Of Friendship And Competition | Teen Ink

Of Friendship And Competition MAG

By Anonymous

   It is quite apparent that competition surrounds every aspect of human life whether in the United States or the Amazon Rain Forest. I'm not implying that competition is nefarious, because it is the most important aspect of human life. Without it we would not have evolved from primates. Or we would probably still be struggling to sharpen a bronze tool while crawling around on four legs in search of meat. Without competition, Columbus wouldn't have discovered America and Edison would never have invented the light bulb. If it weren't for competition, I would be inscribing this paper on a papyrus scroll or maybe even carving it into stone, but certainly not typing it into a computer.

Friendship, like all relationships between two people, involves competition. It isn't competition in a traditional sense because there are no goals to be scored and no prize at stake. Perhaps the ecological definition - "the simultaneous demand by two or more organisms for limited environmental resources, such as nutrients, living space, or light" - better explains competition between friends.

As in nature, high school life is governed by a set of indisputable laws, similar to a shortened version of Darwin's theory of evolution, overpopulation, and competition. There is an abundance of high school students and to distinguish them, ranking and categorizing must take place. Some students get athletic scholarships, others merit awards, and still others will be prom kings or queens. If only one person wanted to be the class president, or if everyone who wanted to could be, there would be no problem in determining the leader. However, this is not the case. Many want the position, but there is opportunity for only one. The result of this conflict is competition.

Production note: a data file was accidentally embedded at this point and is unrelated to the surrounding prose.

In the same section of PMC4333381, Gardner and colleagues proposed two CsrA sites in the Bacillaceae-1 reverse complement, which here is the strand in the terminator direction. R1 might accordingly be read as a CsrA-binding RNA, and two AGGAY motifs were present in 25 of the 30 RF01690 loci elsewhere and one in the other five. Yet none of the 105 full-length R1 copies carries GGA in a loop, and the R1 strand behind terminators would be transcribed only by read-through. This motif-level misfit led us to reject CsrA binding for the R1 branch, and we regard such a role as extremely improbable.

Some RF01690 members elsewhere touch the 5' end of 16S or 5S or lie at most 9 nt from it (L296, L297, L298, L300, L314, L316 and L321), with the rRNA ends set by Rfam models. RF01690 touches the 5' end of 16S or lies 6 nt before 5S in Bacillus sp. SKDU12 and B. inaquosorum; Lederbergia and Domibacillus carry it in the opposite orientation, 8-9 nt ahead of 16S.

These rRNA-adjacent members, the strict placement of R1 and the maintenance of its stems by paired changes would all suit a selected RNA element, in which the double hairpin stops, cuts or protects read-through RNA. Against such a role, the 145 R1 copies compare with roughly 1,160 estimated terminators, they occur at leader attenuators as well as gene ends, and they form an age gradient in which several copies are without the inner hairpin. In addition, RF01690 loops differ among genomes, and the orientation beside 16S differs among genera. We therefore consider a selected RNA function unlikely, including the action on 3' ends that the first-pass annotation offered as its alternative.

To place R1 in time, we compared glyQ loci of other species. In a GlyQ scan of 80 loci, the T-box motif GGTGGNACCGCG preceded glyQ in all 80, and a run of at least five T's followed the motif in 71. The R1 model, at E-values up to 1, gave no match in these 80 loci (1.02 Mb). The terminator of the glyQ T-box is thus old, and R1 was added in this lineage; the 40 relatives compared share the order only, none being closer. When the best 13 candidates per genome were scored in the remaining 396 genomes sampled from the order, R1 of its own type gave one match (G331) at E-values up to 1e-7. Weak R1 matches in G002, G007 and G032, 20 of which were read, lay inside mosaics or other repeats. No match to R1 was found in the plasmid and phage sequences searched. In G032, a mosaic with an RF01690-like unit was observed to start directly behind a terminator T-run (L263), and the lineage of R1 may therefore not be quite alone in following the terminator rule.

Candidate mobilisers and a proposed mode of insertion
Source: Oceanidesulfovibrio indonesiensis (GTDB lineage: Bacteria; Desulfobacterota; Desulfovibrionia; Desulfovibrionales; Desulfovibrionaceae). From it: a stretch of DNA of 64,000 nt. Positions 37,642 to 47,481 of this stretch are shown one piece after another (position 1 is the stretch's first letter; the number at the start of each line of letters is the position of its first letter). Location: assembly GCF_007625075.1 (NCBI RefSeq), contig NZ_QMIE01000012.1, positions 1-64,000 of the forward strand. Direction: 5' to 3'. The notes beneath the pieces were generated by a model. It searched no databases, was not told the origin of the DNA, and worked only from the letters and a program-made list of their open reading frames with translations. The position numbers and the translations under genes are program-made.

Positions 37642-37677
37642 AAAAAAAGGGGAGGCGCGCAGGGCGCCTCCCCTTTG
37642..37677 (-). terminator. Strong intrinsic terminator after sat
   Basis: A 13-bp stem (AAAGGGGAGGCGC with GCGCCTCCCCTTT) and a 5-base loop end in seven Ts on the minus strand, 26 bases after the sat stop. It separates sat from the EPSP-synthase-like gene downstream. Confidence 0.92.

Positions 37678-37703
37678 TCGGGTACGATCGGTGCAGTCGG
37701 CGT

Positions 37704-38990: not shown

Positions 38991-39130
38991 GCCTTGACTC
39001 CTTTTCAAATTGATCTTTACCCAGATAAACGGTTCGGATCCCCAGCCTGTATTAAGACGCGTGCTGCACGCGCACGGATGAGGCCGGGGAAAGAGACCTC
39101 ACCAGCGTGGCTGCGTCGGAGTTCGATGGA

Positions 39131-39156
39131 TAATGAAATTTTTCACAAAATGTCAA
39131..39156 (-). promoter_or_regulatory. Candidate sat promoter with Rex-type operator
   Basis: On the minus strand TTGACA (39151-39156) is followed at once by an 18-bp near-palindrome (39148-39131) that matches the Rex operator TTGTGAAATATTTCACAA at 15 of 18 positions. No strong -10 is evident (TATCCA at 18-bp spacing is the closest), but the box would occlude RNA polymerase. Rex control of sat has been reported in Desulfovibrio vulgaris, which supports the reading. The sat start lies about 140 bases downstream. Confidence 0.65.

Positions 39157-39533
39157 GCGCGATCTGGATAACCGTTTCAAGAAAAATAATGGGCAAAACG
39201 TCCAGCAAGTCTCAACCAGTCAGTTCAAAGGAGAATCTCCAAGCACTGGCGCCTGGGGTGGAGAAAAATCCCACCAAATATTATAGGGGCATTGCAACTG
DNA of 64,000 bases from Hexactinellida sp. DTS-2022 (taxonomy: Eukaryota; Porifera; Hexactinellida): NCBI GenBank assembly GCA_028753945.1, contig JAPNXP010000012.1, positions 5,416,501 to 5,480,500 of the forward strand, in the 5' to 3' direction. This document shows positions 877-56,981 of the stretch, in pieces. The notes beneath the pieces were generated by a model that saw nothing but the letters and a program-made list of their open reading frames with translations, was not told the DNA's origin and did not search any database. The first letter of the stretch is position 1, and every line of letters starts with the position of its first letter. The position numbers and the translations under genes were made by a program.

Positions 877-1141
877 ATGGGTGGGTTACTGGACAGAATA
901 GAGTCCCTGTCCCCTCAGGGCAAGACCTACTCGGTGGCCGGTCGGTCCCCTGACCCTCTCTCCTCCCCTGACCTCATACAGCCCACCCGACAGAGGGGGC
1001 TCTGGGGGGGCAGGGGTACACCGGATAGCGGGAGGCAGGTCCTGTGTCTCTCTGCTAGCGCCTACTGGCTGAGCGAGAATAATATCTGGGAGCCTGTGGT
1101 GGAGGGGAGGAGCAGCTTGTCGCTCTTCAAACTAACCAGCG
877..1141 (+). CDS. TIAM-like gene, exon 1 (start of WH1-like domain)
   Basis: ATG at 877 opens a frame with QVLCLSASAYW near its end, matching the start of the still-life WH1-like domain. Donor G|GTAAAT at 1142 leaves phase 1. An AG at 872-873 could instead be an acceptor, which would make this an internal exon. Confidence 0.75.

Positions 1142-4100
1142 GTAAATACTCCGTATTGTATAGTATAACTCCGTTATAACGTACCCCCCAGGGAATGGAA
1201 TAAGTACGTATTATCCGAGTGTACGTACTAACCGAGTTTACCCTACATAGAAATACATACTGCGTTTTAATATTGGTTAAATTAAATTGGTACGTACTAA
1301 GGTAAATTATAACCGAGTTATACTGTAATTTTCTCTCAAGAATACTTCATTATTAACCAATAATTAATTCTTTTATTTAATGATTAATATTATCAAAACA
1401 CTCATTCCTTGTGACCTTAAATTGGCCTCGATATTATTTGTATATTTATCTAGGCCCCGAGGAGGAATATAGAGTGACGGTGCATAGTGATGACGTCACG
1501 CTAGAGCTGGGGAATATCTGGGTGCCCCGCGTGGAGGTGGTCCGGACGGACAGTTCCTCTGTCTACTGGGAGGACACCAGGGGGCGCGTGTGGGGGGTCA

In high school, friendships learn to co-exist with competition even though at times the relationship is rough. In fact, in some circumstances, competition is too much of a burden for a friendship to bear, causing it to fall apart.

College acceptance is the ultimate high school objective, the first and foremost goal of all those who participate in academic, athletic, or social competition. Four years of hard work to achieve good grades, and a student's fate is determined not only by these attributes, but by the records of thousands of other seniors trying to achieve a similar recognition.

Nevertheless, by necessity, competition between students exists in all aspects of high school life (academics, athletics, romance, and popularity). It sets and improves the standards in everything from sports to schoolwork. A healthy, friendly rivalry can have only benefits, but when competition becomes too fierce, jealousy can rip friendships apart. Yet, despite all this, without competition, we would be lost. ?

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i love this so much!